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Klinger v. Ahern

United States District Court, W.D. North Carolina, Statesville Division

May 8, 2015

MICHAEL LAWRENCE KLINGER, Plaintiff,
v.
ROBERT J. AHERN, JOE. WHITTINGTON, AND M. COFFEY II, Defendants.

ORDER

RICHARD L. VOORHEES, District Judge.

BEFORE THE COURT are Defendants' Renewed Motions to Dismiss Pursuant to New Caselaw pursuant to Rules 12(b)(1), (2) and (6) of the Federal Rules of Civil Procedure. (Doc. 26). Plaintiff has filed a response (Doc. 35), to which Defendants have replied, (Doc. 41).

On November 21, 2014, this Court granted in part and denied in part Defendants Motion to Dismiss. (Doc. 25). Specifically, this Court refused to dismiss claims against Defendant Whittington and Ahern in their individual capacity. (Id. ). However, the Court of Appeals had recently decided Martin v. Wood, 772 F.3d 192 (4th Cir. 2014) only three days prior. Accordingly, this Court will revisit its earlier order to determine whether dismissal is appropriate as to Whittington and Ahern, individually.

Merely claiming that suit is brought against a state employee in his or her individual capacity does not transform the suit into an individual capacity suit. Martin, 772 F.3d at 195-96. Rather, a court must "look beyond the form of the complaint and conclusory allegations against [the employee] to determine who is the real, substantial party in interest.'" Id. (quoting Pennhurst State Sch. & Hosp. v. Halderman, 465 U.S. 89, 101 (1984)).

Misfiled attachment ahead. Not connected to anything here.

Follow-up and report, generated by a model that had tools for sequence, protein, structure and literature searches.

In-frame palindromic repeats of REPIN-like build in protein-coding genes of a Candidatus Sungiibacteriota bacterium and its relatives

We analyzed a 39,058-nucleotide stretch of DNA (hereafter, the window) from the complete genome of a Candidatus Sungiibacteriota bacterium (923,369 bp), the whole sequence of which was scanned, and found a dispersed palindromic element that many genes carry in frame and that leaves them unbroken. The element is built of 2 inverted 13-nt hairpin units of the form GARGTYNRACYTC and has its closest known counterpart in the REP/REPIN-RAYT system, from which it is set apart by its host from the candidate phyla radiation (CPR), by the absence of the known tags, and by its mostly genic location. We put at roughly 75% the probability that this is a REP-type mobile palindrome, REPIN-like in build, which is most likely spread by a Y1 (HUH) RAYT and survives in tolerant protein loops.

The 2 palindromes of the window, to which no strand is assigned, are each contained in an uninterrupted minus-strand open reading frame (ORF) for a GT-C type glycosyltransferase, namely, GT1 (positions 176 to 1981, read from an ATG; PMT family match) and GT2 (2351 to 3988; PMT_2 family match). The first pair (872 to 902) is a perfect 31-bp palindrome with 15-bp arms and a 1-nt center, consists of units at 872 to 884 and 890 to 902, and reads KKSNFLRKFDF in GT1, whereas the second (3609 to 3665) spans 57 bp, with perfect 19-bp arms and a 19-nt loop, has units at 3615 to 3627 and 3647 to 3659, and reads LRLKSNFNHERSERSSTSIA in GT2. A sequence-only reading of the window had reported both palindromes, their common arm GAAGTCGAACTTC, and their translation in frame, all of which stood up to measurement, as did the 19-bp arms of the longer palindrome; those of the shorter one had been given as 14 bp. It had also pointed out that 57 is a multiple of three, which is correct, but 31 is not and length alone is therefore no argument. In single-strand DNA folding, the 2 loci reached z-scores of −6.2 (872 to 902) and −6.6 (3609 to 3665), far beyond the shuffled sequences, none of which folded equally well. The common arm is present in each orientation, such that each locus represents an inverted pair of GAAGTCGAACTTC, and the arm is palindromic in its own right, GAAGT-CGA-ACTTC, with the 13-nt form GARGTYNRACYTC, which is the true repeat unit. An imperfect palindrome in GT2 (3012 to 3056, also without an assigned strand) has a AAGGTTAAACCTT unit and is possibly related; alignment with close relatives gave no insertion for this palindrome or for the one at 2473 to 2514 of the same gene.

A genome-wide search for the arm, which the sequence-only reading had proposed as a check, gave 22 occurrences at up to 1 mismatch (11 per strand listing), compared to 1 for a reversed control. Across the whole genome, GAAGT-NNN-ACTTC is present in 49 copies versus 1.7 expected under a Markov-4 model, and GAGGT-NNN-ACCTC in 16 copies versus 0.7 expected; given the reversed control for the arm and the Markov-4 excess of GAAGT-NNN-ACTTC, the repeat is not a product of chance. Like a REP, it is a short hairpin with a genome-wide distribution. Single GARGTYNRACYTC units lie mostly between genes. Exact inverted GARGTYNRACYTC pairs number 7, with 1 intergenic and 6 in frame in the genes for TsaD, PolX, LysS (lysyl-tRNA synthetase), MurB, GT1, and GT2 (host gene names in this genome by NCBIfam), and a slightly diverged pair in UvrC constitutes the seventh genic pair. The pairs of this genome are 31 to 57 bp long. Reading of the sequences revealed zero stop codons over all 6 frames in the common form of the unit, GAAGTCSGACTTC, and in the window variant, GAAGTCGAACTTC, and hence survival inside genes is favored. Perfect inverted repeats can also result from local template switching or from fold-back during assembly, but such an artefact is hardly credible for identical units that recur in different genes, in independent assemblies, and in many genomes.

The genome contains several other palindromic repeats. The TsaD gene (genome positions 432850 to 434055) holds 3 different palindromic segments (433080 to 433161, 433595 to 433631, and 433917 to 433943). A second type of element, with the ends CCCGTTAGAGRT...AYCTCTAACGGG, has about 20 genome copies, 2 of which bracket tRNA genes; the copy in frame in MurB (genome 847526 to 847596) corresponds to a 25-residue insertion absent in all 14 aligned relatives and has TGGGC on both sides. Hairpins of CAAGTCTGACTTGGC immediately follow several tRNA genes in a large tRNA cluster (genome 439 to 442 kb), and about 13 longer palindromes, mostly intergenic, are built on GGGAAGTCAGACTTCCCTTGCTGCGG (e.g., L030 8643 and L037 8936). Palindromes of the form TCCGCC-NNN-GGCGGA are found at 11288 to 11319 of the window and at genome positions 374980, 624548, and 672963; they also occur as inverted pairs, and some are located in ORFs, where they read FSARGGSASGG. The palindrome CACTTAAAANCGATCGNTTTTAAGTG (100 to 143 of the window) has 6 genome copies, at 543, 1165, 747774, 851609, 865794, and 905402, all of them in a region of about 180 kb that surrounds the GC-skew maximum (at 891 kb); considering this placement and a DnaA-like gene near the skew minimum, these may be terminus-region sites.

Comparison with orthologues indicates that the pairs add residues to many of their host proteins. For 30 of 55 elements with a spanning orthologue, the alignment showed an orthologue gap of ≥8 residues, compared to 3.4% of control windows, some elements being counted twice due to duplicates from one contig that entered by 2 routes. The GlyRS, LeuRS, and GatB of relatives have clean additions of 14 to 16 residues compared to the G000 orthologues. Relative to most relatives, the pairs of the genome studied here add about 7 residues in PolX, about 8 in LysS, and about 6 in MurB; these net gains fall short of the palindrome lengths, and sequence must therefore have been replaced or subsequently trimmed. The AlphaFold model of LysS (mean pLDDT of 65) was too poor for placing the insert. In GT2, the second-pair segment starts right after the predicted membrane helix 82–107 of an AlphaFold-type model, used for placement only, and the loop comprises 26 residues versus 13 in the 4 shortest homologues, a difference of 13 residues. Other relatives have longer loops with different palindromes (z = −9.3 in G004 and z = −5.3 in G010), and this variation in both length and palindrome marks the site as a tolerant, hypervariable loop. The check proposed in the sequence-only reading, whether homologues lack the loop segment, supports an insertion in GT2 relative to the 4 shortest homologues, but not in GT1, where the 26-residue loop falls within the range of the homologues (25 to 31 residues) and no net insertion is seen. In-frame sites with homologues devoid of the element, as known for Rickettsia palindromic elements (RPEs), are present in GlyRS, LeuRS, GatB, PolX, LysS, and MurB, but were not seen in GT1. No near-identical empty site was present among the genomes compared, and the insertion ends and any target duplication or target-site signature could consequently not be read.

In Wood, the Fourth Circuit identified a five factor inquiry analyzing the substance of the claims asserted against an individual. These factors are:

1. Were the allegedly unlawful actions of the state officials tied inextricably to their official duties?
2. If the state officials had authorized the desired relief at the outset, would the burden have been borne by the State?
3. Would a judgement against the state officials be institutional and official in character such that it would operate against the State?
4. Were the actions of the state officials taken to further personal interests distinct from the State's interests; and
5. Were the state officials' actions ultra vires ?

Id. (quotations and citations omitted).

Accordingly, the Court will consider the following factors to determine whether the state is the real party in interest as opposed to Defendants Whittington and Ahern, individually.

1. Were the allegedly unlawful actions of the state officials tied inextricably to their official duties?

Defendants Ahern and Whittington are identified as North Carolina employees in the Complaint. Moreover, Ahern identified himself as "Special Agent for Criminal Investigation" when calling Plaintiff. (Doc. 1, at ¶ 11). Ahern then contacted third parties requesting information about Plaintiff by "flashing his badge and identifying himself as a special agent... signing his own summons[es]." (Id. at ¶ 13). ...


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